Now that we know what is the resistor that we will be using, we may think about several options to connect our 7-segment display to our microcontroller. For my particular display, D323G, I’ve got 9 pins: two common-anodes to select the digit, and 7 pins for each of the segments of each digit. Bear that in mind:

  • We could wire our resistors as in Figure 3, using only two of them: one for each anode.
  • We could wire seven resistors, one for each of the pins that drives a segment.
  • We could buy an IC that does all the work for us -or even better, design it by ourselves!-.

In either case, we can turn on all of the segments at the same time, or turn them on sequentially, at an enough rate as that due to persistance of vision our eyes see as they are always turned on. In case you put your resistors before the common-anode, if you drive your segments all at a time, you will have only 1/7 of the desired current flowing through them, thus, they will barely light. On the other hand, if you put your resistors before GND, then you will have 7x the desired current flowing through your common-anode: for us, that is close to the maximum allowed current through one single GPIO for the Raspberry Pi, so this is not an option for us.

The only option left is to drive them one at a time, fast enough as to create the illusion as if they were all lit at the same time. We will then need to know the pin-out schematic for our 7-segment display, in order to place the resistors and connect it to our GPIOs: Figure 4 shows the pin-out for my D323G 7-segment display. It was obtained from the datasheet.

D323G pin-out diagram

Figure 4. D323G pin-out diagram. If you do not have this, you can always try to find what is what with the help of a voltimeter, setting it in the “diode mode”, and trying different combinations until you start to get segments lit. This way you will get not only the pin-out but also if you have a common-anode or a common-cathode.

If you do not have a datasheet, you can find the pin-out with the help of a multimeter just by trying different combinations of probes-to-pins in “diode” mode: this mode makes some current flow from anode through cathode, and thus will light-up your segment if you find the adequate combination). One way or another, you will end with something like this:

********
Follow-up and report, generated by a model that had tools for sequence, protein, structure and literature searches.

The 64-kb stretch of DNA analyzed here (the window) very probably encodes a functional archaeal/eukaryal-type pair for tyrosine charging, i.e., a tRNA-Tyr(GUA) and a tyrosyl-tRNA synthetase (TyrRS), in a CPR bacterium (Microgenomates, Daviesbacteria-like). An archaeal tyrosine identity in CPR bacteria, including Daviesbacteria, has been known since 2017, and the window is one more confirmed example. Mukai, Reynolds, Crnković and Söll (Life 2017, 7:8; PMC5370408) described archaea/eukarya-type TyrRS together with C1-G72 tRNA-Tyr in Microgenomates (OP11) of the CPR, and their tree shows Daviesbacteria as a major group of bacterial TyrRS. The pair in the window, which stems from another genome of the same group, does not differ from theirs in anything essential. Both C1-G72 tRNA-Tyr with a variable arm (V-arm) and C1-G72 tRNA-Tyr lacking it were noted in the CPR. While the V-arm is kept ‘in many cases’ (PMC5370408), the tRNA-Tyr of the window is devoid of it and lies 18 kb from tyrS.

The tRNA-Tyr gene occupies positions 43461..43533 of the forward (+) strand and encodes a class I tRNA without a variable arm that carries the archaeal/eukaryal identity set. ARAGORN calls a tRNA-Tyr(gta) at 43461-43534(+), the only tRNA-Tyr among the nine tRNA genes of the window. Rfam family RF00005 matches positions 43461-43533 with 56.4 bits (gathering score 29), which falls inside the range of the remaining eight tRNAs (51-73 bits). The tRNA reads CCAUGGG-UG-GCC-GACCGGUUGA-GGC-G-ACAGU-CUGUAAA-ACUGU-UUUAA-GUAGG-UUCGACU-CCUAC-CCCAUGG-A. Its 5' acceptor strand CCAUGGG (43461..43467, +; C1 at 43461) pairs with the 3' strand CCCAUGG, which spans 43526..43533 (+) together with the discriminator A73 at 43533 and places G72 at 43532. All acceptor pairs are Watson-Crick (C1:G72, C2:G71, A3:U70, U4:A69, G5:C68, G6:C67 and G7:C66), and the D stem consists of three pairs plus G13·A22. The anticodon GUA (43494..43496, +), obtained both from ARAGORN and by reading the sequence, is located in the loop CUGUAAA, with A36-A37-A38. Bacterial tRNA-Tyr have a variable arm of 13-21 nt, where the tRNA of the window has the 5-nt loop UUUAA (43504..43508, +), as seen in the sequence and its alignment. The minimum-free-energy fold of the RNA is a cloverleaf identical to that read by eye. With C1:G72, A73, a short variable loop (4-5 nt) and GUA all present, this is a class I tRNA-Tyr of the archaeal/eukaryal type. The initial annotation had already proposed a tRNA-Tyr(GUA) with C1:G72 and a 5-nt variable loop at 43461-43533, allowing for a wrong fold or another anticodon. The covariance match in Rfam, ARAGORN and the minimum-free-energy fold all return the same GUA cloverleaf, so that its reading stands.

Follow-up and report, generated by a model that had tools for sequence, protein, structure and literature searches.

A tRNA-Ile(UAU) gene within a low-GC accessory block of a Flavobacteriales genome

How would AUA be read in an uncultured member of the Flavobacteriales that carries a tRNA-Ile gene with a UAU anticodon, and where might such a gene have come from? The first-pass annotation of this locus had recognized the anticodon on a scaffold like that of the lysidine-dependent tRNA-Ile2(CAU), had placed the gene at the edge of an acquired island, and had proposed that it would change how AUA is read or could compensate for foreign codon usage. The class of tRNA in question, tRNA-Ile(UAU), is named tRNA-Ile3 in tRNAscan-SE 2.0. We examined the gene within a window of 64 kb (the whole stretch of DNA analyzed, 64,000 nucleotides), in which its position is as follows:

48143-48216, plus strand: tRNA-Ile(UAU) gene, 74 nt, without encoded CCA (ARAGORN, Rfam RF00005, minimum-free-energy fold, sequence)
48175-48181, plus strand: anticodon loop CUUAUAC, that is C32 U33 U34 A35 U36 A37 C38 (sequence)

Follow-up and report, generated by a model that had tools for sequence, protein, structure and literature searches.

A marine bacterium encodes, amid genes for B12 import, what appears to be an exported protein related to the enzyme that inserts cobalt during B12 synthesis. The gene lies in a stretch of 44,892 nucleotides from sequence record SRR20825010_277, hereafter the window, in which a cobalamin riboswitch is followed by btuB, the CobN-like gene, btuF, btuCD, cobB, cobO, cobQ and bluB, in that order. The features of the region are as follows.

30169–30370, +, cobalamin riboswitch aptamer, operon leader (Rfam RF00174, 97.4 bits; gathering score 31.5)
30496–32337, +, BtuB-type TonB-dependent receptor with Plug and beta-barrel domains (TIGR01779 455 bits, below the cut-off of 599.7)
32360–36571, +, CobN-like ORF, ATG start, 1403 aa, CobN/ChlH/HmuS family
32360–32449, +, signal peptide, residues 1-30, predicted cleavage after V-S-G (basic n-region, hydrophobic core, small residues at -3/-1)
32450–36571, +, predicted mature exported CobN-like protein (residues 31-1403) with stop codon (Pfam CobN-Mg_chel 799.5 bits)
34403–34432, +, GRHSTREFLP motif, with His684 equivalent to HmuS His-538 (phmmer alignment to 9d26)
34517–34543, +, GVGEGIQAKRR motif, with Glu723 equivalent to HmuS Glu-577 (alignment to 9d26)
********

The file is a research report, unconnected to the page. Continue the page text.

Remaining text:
Figure 5. 7-segment display in a breadboard, ready to be connected to the Raspberry Pi

Figure 5. 7-segment display in a breadboard, ready to be connected to the Raspberry Pi. Reddish cables are for the common-anode of each of the digits, while darkish cables are for the rest of the pins that will lit each individual segment. You can see the two 620Ω resistors that will be used to keep current under safe margins.

The test

This is the moment, guys. We will test out everything we’ve learnt, and see if it was right or if we fucked up. Our test set-up is going to be as simple as possible. We will connect one of the common-anodes to a 3V3 source, and one of the segment’s pins to GND. If we do not blow out our Pi, we will try to measure voltage and current, to see how far we were.

Before proceeding, please beware that to measure voltage you have to put your probes in parallel, and to measure current you have to do so in series. If you do it the other way round you might damage your Pi!

As you can see, we’ve got IF=1800μA, VF=1887mV. Almost perfect!

What’s next?

Now, we can start coding. We will create a mapping between 7-segment pins and GPIOs, to be able to drive each segment as demanded. Then, we will start creating the software in order to drive the 7-segment to drive any desired number. As we do this, we will think about how to use this display to show, for example, information from a temperature sensor, which will lead us to think a bit more about real-time and scheduling deadlines…

Resources:

Some useful links, as always, to read a bit more about this subject.